Coaster Kingdom

Europa Park

Visiting Europa Park was a logistical nightmare for me. Each review on Coaster Kingdom is a justification for the amount of stars you find at the bottom of each page. By this token, you can tell that our philosophy goes way beyond simply awarding good rides five stars.

It is easy to become fazed by the daunting task of summarising a ride or even park with a simple thumbnail-sized graphic. As you visit more and more theme parks, this task becomes simpler, as although direct comparisons are still a no-no, a benchmark can at least be set by the standard of other similar parks elsewhere.

Europa Park had a lot to live up to, so I visit expecting to come back raving unequivocally and to conclude with a string of gold stars. Instead, not only do I find a five-star park, but also I find a park capable of completely wrecking my finely tuned rating system in one fell swoop.

There are times when simply awarding a park or attraction merely five stars seems shamefully inadequate and you really wonder whether attractions that share this accolade really are worthy of this rating.

No case would ever stand up in court without evidence, just like you can’t take my word for it that Europa Park is not a molecule short of being phenomenal, but unlike many good parks, it is easy to identify why Europa Park is one of the best parks in the world.

It has become a sad fact of life that not only do we pay to get into theme parks, but also have to bring along our own bodyweight in gold just to pay the park extra to make our day that much more fun.

Modern society dictates that in order to enjoy theme parks to their fullest, you should be prepared to pay for the privilege. Worse still, ways of emptying pockets are camouflaged as benefits to you that you cannot do without.

Having paid your ransom to enter, as soon as you’re through the gates you at least want to be re-assured that your money has been put to good use. Where this slips the minds of most parks, Europa lay out the red carpet and make you feel as welcome as lipstick at a slumber party.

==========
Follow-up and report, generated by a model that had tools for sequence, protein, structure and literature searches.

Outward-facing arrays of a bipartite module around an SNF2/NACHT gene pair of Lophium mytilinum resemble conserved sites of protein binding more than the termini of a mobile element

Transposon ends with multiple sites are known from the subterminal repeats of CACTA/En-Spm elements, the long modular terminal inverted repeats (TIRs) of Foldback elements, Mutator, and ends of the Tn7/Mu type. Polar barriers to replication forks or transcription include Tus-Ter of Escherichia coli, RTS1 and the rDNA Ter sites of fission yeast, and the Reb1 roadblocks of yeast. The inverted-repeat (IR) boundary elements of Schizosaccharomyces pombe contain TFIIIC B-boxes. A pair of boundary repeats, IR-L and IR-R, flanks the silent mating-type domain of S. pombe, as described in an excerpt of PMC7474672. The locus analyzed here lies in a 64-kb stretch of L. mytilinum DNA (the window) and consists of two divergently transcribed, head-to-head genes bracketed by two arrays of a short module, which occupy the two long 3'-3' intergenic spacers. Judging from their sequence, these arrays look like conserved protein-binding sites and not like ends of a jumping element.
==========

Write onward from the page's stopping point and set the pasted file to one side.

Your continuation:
I present to the jury exhibit A: a stage down the centre of this German boulevard alive with costumed characters doing their best to welcome you.

With the exception of Disney and Universal parks, I am at a loss to think of theme parks that use costumed characters with such regularity. Not only does this reassure you that your visit to the park is worthwhile, but come home time it makes sure your last memory is a good one.

Despite being a strange shape park, twice as long as it is wide, Europa Park is laid out well. Rides are well situated and seem to follow an ‘anchor ride per area’ formula which seems to work nicely. France has Eurosat, Greece has Poseidon and Russia has Euro Mir for example. Although such rides pretty much form the basis upon which the area is built around they never look shoehorned in.

The distinction between areas is glaringly obvious thanks to the striking architecture. Space from area to area is never wasted, often with fountains or rock gardens.

Theming at Europa Park goes well beyond the call of duty to the point that even without rides, the park could be considered as an expo of European countries. Each country has sympathetic architecture and relevant cuisine, each has a character of its own.

The point of theming I think goes way beyond stylisation of a ride – there is no point beautifully finishing off a detailed haunted house if you’re going to stick a corrugated warehouse the size of a football pitch on the back, paint it sky blue and hope nobody will notice.

Theming by its very nature invites you to notice the little touches, so it is always infuriating that the more you look at theming, the more oversights you notice and the more you notice how the theming is just chicken wire on the front of something normal.

Rides do not have to be themed to be good, but people are too quick to compare a parks’ level of theming to that of Disney. The real litmus test is whether by looking at theming you notice things that should have been themed and haven’t (bad), or whether you notice theming on things that didn’t need to be themed (good).